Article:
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Shock and Vibration
Volume 11, Issue 5-6, Pages 597-613
http://dx.doi.org/10.1155/2004/596706

Experimental Methods Applied in a Study of Stall Flutter in an Axial Flow Fan

John D. Gill,1 Vincent R. Capece,1 and Ronald B. Fost2

1Department of Mechanical Engineering, University of Kentucky, USA
2Battelle Memorial Institute, Compressor Research Facility, WPAFB, Dayton, OH, USA

Received 6 May 2003; Revised 18 November 2003

Copyright © 2004 Hindawi Publishing Corporation. This is an open access article distributed under the Creative Commons Attribution License, which permits unrestricted use, distribution, and reproduction in any medium, provided the original work is properly cited.

Abstract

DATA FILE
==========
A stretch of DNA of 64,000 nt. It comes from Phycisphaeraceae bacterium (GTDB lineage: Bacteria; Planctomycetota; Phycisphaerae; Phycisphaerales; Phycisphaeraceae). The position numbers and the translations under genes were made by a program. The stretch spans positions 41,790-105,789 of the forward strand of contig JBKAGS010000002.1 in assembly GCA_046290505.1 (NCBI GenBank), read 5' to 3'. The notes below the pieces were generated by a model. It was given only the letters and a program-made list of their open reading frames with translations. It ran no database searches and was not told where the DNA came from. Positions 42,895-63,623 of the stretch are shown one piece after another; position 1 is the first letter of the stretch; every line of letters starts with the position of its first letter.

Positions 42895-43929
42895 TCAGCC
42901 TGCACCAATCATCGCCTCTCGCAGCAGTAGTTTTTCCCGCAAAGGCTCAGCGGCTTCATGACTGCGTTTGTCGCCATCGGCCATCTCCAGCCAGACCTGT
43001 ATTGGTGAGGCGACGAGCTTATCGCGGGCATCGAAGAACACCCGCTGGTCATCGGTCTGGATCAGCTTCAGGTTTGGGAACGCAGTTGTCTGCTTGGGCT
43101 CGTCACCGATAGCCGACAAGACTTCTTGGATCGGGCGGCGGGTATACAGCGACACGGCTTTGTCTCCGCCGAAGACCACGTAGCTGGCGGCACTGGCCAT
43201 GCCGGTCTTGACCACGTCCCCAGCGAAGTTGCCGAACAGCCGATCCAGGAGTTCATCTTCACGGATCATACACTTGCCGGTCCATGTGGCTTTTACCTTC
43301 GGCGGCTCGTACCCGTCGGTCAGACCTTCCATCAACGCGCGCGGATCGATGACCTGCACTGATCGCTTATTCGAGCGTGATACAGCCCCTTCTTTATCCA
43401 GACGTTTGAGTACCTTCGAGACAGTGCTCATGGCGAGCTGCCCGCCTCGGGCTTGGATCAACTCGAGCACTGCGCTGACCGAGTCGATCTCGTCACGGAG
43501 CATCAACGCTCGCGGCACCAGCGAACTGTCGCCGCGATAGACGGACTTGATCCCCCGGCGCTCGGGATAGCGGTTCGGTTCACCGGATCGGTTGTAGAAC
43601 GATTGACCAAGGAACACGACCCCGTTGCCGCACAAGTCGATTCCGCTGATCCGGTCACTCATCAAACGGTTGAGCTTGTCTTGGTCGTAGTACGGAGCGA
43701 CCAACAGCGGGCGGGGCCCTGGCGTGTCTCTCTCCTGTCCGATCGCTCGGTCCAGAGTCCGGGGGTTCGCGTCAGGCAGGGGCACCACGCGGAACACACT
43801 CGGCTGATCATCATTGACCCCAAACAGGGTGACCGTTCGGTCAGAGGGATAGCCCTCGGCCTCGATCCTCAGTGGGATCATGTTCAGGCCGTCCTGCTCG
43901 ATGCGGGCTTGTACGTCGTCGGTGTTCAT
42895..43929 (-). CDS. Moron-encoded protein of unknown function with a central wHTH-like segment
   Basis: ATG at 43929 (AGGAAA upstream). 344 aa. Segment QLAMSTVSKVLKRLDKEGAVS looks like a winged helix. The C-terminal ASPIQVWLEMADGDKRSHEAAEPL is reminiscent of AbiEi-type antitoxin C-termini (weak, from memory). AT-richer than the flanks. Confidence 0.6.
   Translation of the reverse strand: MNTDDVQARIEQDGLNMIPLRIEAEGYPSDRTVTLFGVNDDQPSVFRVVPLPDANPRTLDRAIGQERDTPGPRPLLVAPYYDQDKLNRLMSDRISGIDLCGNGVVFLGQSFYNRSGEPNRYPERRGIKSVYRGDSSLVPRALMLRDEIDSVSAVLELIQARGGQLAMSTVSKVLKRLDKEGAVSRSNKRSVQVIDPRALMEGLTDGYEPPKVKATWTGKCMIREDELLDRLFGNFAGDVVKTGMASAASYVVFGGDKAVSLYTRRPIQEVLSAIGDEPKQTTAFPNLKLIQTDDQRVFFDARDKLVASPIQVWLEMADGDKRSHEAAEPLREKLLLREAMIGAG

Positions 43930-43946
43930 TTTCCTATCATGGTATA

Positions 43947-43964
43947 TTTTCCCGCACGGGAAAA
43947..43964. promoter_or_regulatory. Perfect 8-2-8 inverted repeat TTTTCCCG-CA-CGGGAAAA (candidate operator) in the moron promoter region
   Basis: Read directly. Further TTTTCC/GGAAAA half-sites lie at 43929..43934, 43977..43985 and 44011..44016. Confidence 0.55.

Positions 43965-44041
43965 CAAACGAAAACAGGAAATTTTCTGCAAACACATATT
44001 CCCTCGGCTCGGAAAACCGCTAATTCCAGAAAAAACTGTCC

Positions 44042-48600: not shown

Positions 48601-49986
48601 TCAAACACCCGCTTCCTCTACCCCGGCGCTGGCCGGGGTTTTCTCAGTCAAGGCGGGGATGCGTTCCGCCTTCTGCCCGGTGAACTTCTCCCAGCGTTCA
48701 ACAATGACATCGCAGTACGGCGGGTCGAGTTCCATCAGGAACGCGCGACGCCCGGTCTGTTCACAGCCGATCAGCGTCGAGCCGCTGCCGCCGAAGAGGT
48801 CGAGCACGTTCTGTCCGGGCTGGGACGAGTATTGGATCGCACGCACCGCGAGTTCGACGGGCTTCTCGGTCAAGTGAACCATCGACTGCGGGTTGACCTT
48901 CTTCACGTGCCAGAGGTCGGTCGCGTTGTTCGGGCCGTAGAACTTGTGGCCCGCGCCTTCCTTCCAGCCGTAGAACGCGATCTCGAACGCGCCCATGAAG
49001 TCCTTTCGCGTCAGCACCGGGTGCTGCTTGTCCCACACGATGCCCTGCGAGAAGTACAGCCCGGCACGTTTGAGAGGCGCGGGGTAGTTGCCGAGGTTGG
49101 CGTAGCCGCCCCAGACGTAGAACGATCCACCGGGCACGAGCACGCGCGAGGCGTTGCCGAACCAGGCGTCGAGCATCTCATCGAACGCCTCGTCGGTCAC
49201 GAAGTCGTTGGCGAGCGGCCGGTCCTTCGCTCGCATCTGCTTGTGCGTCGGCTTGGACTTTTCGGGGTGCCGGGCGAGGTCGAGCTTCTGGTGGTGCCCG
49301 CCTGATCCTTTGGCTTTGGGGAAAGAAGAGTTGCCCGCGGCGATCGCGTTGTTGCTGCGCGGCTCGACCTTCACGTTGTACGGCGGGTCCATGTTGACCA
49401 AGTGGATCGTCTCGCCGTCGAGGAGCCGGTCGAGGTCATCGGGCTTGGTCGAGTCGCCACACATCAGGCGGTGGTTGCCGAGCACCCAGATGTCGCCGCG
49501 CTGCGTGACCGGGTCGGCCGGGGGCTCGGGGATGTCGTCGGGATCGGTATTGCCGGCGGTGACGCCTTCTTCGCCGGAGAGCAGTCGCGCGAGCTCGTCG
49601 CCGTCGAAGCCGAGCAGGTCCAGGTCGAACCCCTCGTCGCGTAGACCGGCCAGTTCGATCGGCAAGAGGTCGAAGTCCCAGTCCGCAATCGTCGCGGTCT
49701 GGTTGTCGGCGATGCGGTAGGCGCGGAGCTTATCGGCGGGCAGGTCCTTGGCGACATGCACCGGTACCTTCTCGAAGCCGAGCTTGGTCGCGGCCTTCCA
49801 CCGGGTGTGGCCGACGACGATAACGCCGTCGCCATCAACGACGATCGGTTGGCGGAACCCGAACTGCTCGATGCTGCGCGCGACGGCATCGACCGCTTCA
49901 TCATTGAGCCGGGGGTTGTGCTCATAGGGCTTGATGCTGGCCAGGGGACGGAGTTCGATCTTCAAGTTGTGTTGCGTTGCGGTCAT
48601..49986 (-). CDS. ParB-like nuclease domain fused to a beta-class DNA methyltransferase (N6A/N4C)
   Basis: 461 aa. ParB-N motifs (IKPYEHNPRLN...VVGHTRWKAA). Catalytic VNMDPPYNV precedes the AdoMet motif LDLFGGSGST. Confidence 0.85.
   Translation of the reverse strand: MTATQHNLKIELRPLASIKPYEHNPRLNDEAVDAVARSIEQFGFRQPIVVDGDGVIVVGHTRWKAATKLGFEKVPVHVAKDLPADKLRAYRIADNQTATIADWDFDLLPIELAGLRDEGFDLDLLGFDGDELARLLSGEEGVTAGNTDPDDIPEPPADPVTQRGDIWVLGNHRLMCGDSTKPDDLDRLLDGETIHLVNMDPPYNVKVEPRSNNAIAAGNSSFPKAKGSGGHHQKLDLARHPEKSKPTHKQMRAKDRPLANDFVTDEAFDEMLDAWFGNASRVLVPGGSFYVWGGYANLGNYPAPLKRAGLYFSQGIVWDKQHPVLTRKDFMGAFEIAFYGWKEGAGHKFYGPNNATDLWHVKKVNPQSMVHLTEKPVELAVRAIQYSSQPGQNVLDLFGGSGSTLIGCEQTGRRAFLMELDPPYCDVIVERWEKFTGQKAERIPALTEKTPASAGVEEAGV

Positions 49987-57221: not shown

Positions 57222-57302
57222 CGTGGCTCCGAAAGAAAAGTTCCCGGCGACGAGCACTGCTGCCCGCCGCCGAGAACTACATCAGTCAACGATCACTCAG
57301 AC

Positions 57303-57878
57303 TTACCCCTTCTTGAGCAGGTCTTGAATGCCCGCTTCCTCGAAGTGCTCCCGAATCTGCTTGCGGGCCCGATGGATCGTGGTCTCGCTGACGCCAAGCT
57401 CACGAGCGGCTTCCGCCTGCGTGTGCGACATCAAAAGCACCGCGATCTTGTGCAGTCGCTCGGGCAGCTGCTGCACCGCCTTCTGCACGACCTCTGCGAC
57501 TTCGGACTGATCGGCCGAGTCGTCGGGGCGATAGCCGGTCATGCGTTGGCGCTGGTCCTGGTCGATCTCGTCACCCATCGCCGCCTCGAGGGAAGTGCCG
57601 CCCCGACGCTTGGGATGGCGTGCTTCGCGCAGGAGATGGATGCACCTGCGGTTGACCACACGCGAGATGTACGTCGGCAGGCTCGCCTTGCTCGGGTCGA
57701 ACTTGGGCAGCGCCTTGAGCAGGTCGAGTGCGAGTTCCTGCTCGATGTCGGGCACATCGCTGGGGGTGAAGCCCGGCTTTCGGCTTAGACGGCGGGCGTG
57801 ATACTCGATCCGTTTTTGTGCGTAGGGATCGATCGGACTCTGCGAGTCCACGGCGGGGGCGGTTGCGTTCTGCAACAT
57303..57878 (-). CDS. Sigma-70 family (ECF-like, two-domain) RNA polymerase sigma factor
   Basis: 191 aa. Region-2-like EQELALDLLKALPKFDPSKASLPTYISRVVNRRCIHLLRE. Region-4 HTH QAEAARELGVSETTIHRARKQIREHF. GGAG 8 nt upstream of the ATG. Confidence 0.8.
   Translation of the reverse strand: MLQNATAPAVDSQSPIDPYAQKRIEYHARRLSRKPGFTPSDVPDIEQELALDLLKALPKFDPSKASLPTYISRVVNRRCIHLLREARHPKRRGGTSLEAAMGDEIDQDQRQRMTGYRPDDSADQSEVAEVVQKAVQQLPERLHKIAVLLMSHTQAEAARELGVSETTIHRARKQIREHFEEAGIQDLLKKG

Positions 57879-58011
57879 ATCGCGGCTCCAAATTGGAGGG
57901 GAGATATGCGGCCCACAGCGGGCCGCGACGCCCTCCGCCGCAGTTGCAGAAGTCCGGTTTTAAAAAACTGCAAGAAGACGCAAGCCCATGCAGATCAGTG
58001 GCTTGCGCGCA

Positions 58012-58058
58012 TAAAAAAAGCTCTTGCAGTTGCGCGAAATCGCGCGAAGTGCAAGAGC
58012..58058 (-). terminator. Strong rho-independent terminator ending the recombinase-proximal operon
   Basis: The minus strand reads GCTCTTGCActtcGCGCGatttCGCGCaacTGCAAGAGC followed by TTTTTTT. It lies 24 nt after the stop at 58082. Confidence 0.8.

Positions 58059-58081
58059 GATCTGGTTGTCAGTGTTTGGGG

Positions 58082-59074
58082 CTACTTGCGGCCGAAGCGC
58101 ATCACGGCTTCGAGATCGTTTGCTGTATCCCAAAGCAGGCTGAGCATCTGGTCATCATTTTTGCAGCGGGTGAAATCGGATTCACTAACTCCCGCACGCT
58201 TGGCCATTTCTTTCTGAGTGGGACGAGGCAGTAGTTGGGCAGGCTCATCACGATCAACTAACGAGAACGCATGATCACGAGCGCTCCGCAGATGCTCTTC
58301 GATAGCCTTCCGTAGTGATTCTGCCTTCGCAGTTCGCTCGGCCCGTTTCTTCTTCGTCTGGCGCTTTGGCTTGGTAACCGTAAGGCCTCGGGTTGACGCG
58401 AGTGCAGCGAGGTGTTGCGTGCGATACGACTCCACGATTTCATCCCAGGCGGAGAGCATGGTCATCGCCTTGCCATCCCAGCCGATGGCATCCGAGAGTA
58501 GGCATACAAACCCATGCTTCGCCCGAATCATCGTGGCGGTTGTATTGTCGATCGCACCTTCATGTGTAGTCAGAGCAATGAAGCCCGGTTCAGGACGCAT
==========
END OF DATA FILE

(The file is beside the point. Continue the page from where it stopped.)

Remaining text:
Flutter testing is an integral part of aircraft gas turbine engine development. In typical flutter testing blade mounted sensors in the form of strain gages and casing mounted sensors in the form of light probes (NSMS) are used. Casing mounted sensors have the advantage of being non-intrusive and can detect the vibratory response of each rotating blade. Other types of casing mounted sensors can also be used to detect flutter of rotating blades. In this investigation casing mounted high frequency response pressure transducers are used to characterize the part-speed stall flutter response of a single stage unshrouded axial-flow fan. These dynamic pressure transducers are evenly spaced around the circumference at a constant axial location upstream of the fan blade leading edge plane. The pre-recorded experimental data at 70% corrected speed is analyzed for the case where the fan is back-pressured into the stall flutter zone. The experimental data is analyzed using two probe and multi-probe techniques. The analysis techniques for each method are presented. Results from these two analysis methods indicate that flutter occurred at a frequency of 411 Hz with a dominant nodal diameter of 2. The multi-probe analysis technique is a valuable method that can be used to investigate the initiation of flutter in turbomachines.